Sunshine Coast Region: Our Essence

Achievements

Contribution to Thought Leadership

Sunshine Council Business Council has established a consistent record of success as a regional leader since 2010.

Over the past five years SCBC drawn attention to topics that tightly link to our key focus of investment, infrastructure and employment.

Here is a reminder of some of the areas we have stimulated, and sometime provoked, community discussion which we have supported with SCBC commissioned research:

September 2017 | Second Combined Business & Government Forum

June 2017 | Urban Evolution of the Sunshine Coast Conference

May-August 2017 | Think Tank Series 3:  Sunshine Coast Growth Opportunities and Challenges Emanating from the ShapingSEQ Regional Framework

November 2016 | Federal Election:  Meet the Candidates – forum

September 2016 | The New Zealand Story – lunch

August 2016 | First Combined Government and Business Forum

August 2016 | Realising the Ripple Effect conference

February-June 2016 | Think Tank Series 2:  PROTECTING THE DIVERSITY AND RICHNESS OF THE SUNSHINE COAST REGION BEYOND ITS ECONOMIC VALUE  – Increasing the effectiveness of community engagement.  What needs to change?

November 2015 | Human Rights Symposium

June 2015 | The Challenge for Regional Australia in the Competition for Investment

March-June 2015 | Think Tank Series 1:  PROTECTING THE DIVERSITY AND RICHNESS OF THE SUNSHINE COAST REGION BEYOND ITS ECONOMIC VALUE balancing growth | development | environment

May 2014 | Follow up to the Youth Prosperity conference.

March 2014 | Future of Agribusiness on Sunshine Coast & how to invest.

November 2013 | Youth Prosperity conference.

April 2013 | Growth of the Middle Class in Asia – are there opportunities for the Sunshine Coast?

December 2012 | March 2013 and June 2013 review of action plan with Sunshine Coast Council and industry.

August 2012 | Health Precinct conference on importance of the ‘Ripple Effect’ and developing a 9 month action plan.

March 2012 | Sunshine Coast’s Economic Direction.

May 2011 | Board room lunch focusing on Health Precinct’s master plan.

July 2010 | First significant health forum focusing on what we could learn from overseas experience.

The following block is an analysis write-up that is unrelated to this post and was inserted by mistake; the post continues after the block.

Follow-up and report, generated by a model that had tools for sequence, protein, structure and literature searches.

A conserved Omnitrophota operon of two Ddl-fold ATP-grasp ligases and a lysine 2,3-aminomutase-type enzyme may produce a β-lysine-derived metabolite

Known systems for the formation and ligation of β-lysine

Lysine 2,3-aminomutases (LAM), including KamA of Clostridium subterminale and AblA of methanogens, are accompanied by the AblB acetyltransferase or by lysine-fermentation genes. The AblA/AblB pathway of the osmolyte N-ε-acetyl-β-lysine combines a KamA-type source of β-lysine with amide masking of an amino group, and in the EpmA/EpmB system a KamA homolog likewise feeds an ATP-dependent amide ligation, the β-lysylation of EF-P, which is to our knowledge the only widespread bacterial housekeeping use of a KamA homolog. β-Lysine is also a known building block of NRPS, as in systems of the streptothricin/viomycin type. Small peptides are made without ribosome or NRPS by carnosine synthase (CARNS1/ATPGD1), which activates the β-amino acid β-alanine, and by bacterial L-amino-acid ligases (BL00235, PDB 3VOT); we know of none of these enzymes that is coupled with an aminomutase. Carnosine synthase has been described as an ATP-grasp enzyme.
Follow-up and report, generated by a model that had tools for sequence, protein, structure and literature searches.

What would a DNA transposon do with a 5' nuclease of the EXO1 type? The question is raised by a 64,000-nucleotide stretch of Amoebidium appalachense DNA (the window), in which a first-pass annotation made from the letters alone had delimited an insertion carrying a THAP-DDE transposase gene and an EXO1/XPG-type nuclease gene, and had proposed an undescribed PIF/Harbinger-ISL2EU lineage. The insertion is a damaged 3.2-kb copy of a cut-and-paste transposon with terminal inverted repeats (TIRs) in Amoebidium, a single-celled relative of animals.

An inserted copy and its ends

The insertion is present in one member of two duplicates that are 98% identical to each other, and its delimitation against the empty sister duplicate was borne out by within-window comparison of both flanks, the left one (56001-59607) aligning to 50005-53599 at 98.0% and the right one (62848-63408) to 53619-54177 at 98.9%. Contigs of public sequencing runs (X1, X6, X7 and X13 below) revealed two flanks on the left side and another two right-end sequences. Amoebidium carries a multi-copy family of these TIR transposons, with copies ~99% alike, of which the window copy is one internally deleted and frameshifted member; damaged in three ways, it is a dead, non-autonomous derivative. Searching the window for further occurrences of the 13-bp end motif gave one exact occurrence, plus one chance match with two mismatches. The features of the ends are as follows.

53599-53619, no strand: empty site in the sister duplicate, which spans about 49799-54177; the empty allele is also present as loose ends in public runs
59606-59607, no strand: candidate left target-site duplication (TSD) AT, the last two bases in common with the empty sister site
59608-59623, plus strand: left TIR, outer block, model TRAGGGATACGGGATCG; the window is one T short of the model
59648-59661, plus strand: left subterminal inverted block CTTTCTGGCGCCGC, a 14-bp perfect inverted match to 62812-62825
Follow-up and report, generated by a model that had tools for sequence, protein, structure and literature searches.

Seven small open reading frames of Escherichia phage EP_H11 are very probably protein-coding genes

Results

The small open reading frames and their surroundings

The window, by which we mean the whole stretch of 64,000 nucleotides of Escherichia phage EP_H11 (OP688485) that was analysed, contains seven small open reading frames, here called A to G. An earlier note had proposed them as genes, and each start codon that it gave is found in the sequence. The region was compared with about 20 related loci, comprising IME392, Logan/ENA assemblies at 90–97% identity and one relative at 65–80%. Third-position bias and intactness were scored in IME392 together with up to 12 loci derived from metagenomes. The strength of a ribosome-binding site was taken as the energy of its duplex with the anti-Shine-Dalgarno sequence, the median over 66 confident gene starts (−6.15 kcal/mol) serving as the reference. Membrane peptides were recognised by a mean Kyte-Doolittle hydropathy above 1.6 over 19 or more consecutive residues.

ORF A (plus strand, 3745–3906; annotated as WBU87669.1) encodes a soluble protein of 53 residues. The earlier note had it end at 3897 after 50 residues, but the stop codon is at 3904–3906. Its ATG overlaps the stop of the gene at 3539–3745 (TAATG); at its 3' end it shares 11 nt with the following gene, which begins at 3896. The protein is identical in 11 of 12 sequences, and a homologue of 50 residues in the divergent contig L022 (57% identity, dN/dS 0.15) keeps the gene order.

SCBC has a successful economic and business advocacy record

Sunshine Council Business Council has established a consistent record of success as a regional leader since 2010.

Below are examples of where SCBC has led or been key in initiating, influencing or expanding discussion and ideas. This does not cover the extensive confidential advocacy work undertaken on behalf of members.

2017

SCBC media and advocacy remained focused on:

  • Infrastructure, particularly Tourism.
  • Calling on all sections of the community to show integrity in their regional conversations around development.
  • Again calling for collaboration between Councils and government on issues such as medical placements and to show a united face to the investment community.
  • Federal and state budgets, providing the opportunity to support Mayor Jamieson in his discussions around regional investment priorities and strengthening the call for more infrastructure funding for the region.

The Business Council held:

  • Great Cities Conference – opening a conversation about what type of ‘regional city’ the Sunshine Coast wants to be. This work will be built upon during the year.
  • Third session of Think Tank Series 3: Sunshine Coast Growth Opportunities and Challenges emanating from the Shaping SEQ Regional Framework. The outcome of this series in August will provide the opportunity for SCBC to seek meetings with the Deputy Premier and Mayors Jamieson and Wellington to discuss agreed outcomes that will contribute to advocacy focus.
  • On 29 September 2017, the Business Council will host its second Combined Government and Business Forum and again bring together the 3 tiers of government with regional business leaders to discuss topics of regional importance.

2016

SCBC held its first Combined Government & Business Forum (CG&BF)which aimed to get government and business on the same page on the topics covered and, together with the Think Tank work, provided the information to keep these issues on the advocacy agenda with Councils and government:

  • Integrated Transport Strategy – How it works best
  • Next Generation Planning
  • Revitalising the Coastline – how and why
  • Importance of Health and Education – key to a Smart Region
  • The value of measuring regional sustainability
  • Second session of Think Tank Series 3: Increasing the effectiveness of community engagement to deliver shared benefit to the community, business and government.

Following the CG&BF, the Business Council asked Sunshine Coast RDA to take the lead in coalescing business and government on priorities for a regional Integrated Transport Strategy, and continued to support RDA through the process and to advocate on transport priorities.

The Business Council also followed through with:

  • University of Sunshine Coast, inviting further collaboration to progress research on the revitalization of the regional coastline, on approaching SCC and Noosa Council on restating independently managed regional sustainability indicators and on further investigating employment predictions in the education sector.
  • Mayor Jamieson, highlighting the opportunity to showcase regional initiatives and research to other Queensland councils through his position as President LGA, - e.g. regional sustainability indicators, Next Generation Planning and approaches to revitalizing the coastline – undertaken in this region that would be applicable in other comparable regions and provide over time an important information base for benchmarking regional performance.

2015